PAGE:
The British government ordered a study on its effect on the rate of global warming before starting to convert the entire country’s energy industry to hydrogen. The results showed that over a 100-year period, 1 ton of hydrogen would contribute 11 times more to warming the atmosphere than a ton of CO2.
Hydrogen is dangerous in this case, because it interferes with the natural process of methane neutralization by hydroxyl radicals in the atmosphere. It itself reacts with them, so methane lingers longer and, as a greenhouse gas, exacerbates atmospheric overheating.
On the other hand, CO2 is removed from the atmosphere very slowly, over hundreds of years, so in terms of its impact on global warming, the accumulation of CO2 is dangerous in the long term, and an excess of hydrogen (and as a consequence methane) in the short term.
Studies have shown that numerous leaks of this gas are inevitable when switching to hydrogen. Thus, daily losses during storage in a pressurized cylinder range from 0.12% to 0.24%. In liquefied and cooled state they already reach up to 1 % per day, and when pumped through pipelines losses will be 20 % higher than in case of natural gas.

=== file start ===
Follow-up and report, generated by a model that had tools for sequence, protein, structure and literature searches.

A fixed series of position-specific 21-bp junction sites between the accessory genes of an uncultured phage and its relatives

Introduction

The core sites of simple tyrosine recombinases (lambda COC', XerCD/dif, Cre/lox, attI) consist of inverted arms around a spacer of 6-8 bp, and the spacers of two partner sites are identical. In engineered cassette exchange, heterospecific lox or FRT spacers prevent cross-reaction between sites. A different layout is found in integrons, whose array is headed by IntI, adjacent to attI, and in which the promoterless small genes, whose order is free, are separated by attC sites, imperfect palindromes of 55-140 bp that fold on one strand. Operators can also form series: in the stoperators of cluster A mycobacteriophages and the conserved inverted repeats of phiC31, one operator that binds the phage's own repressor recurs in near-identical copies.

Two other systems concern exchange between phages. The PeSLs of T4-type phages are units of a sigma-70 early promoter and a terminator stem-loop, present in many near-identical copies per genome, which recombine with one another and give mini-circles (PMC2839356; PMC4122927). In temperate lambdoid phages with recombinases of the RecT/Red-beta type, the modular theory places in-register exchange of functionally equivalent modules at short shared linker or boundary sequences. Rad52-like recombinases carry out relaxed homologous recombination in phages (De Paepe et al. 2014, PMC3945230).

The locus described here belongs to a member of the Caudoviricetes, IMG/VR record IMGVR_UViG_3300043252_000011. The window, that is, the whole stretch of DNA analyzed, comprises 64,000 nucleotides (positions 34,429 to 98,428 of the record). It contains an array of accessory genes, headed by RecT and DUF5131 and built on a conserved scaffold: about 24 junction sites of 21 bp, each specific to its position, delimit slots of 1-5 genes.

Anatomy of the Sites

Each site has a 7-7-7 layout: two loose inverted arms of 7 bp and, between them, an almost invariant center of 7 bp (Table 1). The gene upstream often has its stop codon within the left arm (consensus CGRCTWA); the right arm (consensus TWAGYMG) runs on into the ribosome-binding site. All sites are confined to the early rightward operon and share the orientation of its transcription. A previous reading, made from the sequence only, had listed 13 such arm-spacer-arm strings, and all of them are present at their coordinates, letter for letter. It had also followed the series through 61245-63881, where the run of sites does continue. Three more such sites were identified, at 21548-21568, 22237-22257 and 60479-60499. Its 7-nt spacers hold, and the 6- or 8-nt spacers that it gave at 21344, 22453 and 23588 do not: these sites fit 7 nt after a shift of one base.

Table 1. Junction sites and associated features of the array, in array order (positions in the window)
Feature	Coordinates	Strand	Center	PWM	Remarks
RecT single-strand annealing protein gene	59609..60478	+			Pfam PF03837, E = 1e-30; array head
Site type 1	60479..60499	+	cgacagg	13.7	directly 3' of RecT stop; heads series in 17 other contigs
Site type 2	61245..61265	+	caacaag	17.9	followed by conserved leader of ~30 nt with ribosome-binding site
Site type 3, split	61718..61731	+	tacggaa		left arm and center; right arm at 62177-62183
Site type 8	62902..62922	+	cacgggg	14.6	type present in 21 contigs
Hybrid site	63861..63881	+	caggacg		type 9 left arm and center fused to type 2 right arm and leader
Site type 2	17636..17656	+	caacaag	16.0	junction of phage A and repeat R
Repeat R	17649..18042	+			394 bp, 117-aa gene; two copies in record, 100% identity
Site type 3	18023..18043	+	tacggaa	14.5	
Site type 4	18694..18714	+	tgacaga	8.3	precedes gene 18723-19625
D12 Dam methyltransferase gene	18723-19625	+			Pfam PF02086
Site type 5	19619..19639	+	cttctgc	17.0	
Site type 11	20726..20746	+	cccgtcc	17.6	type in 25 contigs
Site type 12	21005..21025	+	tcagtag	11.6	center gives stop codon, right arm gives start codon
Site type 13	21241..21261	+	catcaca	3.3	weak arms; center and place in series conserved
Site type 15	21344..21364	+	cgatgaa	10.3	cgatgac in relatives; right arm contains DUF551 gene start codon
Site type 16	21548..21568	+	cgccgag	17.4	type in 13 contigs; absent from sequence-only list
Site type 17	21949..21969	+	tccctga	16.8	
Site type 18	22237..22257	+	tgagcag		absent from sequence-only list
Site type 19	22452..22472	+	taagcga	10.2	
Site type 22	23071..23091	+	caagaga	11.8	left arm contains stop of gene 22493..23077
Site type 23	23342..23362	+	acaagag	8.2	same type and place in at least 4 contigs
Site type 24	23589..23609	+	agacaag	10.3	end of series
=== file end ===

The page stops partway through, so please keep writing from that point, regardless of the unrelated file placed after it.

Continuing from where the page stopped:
Full cycle of hydrogen production by electrolysis, injection into a fuel cell and storage before full processing into energy at best promises losses of 3.2%, and at worst, taking into account human factor – up to 10%.
If all safety rules are strictly observed, the world energy industry will lose only 1.5% of all hydrogen produced. And if it is allowed to be widely used without proper control, similar to the way ordinary consumers fill up their cars at gas stations, then the leakage will reach catastrophic 10%. However, even in this case, the use of hydrogen is less harmful to the atmosphere of the planet than CO2 emissions.